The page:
'Look over there,' someone said suddenly, pointing to the southern horizon. A cloud of black was rising from the hillside.
'That's smoke,' someone else said and everyone laughed.
Soon birds were heading towards us in groups from all directions, forming fantastic shapes in the sky. Mick, I noticed, had his camera still trained on the plume of smoke. 'Don't you want some pictures of the birds?' I asked.
'That's what I'm doing,' he said.
'But that's smoke,'
'No it's birds'
'It's smoke. I heard someone say so.'
To be fair, it was an easy mistake to make: it did look like a flock of starlings in the distance and every now and again a group of them would apparently emerge from the smoke, like phoenix from the ashes.
'Bollocks,' said Mick.
Suddenly the starlings dropped like stones as they settled down to roost.
When the sky was empty we started back along the path.
'Ok?' I asked.
'Think I'll stick to photographing flowers in future,' said Mick. 'At least I know what a snowdrop looks like.'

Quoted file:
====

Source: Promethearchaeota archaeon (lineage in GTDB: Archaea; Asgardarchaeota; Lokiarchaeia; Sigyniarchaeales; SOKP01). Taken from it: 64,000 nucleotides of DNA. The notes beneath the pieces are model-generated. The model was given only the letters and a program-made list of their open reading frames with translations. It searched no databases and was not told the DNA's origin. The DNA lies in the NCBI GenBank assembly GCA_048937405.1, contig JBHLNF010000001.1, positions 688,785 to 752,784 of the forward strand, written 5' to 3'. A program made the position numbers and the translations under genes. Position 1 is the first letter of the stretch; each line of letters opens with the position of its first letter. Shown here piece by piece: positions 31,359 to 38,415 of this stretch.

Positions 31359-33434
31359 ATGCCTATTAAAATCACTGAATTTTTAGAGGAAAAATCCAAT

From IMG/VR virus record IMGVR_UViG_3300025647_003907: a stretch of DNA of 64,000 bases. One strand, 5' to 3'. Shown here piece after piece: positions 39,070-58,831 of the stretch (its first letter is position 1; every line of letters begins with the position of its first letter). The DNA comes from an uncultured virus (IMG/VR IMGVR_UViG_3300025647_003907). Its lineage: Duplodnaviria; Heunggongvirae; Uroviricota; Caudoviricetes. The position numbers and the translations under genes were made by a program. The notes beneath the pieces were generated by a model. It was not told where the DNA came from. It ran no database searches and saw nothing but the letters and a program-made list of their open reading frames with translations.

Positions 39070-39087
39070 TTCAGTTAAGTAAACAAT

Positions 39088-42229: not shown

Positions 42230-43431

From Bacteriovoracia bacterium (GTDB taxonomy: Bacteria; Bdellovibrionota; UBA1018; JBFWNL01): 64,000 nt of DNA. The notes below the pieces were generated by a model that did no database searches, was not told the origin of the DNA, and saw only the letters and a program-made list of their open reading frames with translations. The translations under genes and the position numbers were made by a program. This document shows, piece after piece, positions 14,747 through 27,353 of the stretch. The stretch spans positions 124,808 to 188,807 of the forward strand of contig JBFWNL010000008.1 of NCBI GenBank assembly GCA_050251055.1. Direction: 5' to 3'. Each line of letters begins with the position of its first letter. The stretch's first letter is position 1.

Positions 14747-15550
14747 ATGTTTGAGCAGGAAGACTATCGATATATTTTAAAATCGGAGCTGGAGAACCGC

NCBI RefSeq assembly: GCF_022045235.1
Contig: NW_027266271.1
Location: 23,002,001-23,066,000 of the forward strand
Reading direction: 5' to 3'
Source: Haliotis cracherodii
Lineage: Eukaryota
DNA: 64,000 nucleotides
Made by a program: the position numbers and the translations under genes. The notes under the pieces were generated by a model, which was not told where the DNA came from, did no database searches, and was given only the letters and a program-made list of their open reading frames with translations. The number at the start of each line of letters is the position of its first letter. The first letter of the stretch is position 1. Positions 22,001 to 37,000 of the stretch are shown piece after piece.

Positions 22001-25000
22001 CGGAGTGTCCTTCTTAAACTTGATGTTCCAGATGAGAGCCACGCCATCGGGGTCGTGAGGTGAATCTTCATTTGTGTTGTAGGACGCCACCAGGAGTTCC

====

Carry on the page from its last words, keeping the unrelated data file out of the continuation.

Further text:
We decided to stop at the Railway Inn for a pint which turned out to be a mistake. The beer, Tawny Owl from Cotleigh, was as tired as the decor, probably as the few locals in there were all drinking cider. The ladies toilet may have been pink once but it was entirely coated in black mould. There was at least a warm fire in the grate, so we defrosted ourselves and then made our exit and walked the mile or so back to the van.

The day, we agreed, had been like the curate's egg, good in parts. Unlike the egg, however, it was not entirely spoiled. After all, Mick had some fantastic photos of smoke signals from Bridgewater. Why he wouldn't share them with me for this blog I just don't know...

Freshwater mussel - the fields are strewn with these